//led////////

#include "FastLED.h"
FASTLED_USING_NAMESPACE
#define NUM_LEDS 15 // Limit number of LEDs to avoid external power
//#define BRIGHTNESS 100 // Adjust brightness base 
CRGB leds[NUM_LEDS];
#define PIN 0 // pin used for LED strip
#define FRAMES_PER_SECOND  120
/////////////////////////////////////////////////////////////////////

//mic//////////////////////////////////////////////////////////////
const int sampleWindow = 50; // Sample window width in mS (50 mS = 20Hz) was 50
unsigned int sample;
int volts;
int BRIGHTNESS = 100;
int totalBrightness;
int incomingBrightness;
/////



// touch includes
#include <MPR121.h>
#include <Wire.h>
#define MPR121_ADDR 0x5C
#define MPR121_INT 4
#define EFFECTS_VOLUME 0// lower number is higher volume!range 0-254

// mp3 includes
#include <SPI.h>
#include <SdFat.h>
#include <FreeStack.h> 
#include <SFEMP3Shield.h>

// mp3 variables
SFEMP3Shield MP3player;
byte result;
int lastPlayed = 0;

// sd card instantiation
SdFat sd;
SdFile file;

// define LED_BUILTIN for older versions of Arduino
#ifndef LED_BUILTIN
#define LED_BUILTIN 13
#endif

void setup(){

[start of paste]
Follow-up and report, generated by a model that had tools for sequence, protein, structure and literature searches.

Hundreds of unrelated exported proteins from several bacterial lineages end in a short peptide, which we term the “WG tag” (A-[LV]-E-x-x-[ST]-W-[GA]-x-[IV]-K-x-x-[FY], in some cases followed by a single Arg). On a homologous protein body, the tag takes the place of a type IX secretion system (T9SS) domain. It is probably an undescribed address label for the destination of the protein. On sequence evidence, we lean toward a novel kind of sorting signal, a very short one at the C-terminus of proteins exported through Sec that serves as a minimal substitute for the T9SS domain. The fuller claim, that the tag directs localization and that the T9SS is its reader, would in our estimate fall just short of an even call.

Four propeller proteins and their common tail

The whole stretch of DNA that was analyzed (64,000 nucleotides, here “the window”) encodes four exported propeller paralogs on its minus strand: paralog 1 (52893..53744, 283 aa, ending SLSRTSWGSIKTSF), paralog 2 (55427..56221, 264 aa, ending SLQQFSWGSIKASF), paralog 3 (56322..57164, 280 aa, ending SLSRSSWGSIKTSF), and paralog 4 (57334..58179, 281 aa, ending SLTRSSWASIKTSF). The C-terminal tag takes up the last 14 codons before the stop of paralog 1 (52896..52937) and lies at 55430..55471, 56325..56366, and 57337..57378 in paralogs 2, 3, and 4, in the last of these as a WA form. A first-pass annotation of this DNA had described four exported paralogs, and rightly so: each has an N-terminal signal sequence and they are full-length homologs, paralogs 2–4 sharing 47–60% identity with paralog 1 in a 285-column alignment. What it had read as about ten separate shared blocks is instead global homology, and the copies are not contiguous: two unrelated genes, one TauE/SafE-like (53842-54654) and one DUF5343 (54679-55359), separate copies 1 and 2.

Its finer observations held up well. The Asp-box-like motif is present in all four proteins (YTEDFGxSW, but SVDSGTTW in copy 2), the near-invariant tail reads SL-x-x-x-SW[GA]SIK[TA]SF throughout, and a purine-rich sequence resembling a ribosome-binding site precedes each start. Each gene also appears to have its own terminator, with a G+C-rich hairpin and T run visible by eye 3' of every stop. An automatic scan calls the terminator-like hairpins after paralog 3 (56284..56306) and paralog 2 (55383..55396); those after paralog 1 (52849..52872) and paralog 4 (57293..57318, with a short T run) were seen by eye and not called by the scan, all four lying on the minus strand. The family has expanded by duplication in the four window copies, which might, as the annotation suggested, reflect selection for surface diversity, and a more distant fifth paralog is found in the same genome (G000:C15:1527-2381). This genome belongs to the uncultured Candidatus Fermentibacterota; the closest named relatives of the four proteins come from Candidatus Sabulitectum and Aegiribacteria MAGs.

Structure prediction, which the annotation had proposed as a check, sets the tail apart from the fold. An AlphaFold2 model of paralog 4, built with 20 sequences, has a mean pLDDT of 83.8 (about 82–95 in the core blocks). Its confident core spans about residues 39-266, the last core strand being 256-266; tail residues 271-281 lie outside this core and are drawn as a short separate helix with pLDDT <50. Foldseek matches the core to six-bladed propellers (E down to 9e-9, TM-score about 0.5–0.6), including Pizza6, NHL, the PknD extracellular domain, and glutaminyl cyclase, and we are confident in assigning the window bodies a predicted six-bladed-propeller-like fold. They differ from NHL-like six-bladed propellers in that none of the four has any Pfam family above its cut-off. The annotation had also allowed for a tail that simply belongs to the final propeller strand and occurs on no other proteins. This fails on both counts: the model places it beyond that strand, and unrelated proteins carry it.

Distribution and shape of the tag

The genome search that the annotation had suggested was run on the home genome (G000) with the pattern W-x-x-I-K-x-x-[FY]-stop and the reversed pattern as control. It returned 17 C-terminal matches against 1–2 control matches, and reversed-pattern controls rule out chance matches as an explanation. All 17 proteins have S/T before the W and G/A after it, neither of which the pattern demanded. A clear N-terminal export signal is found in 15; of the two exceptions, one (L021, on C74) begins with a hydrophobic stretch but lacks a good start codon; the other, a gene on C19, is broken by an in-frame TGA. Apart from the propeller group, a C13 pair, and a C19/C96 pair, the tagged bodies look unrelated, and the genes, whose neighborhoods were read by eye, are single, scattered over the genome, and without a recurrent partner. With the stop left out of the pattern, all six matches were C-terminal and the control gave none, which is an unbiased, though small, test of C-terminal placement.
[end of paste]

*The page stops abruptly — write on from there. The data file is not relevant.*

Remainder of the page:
Serial.begin(9600);
  delay(3000);

  /////leds/////////
  FastLED.addLeds<WS2811, PIN, RGB>(leds, NUM_LEDS).setCorrection( TypicalLEDStrip );
  FastLED.setBrightness(BRIGHTNESS);
  leds[NUM_LEDS] = CRGB( 0, 0, 0);
  
  //////////////////

  
  pinMode(LED_BUILTIN, OUTPUT);
   
  //while (!Serial) ; {} //uncomment when using the serial monitor 
  Serial.println("Bare Conductive Random Touch MP3 player");

  // initialise the Arduino pseudo-random number generator with 
  // a bit of noise for extra randomness - this is good general practice
  randomSeed(analogRead(0));

  if(!sd.begin(SD_SEL, SPI_HALF_SPEED)) sd.initErrorHalt();

  if(!MPR121.begin(MPR121_ADDR)) Serial.println("error setting up MPR121");
  MPR121.setInterruptPin(MPR121_INT);

  /////////////////////////////////////////////////
  // Changes from Touch MP3 for distance
  
  // this is the touch threshold - setting it low makes it more like a proximity trigger
  // default value is 40 for touch
  MPR121.setTouchThreshold(8);
  
  // this is the release threshold - must ALWAYS be smaller than the touch threshold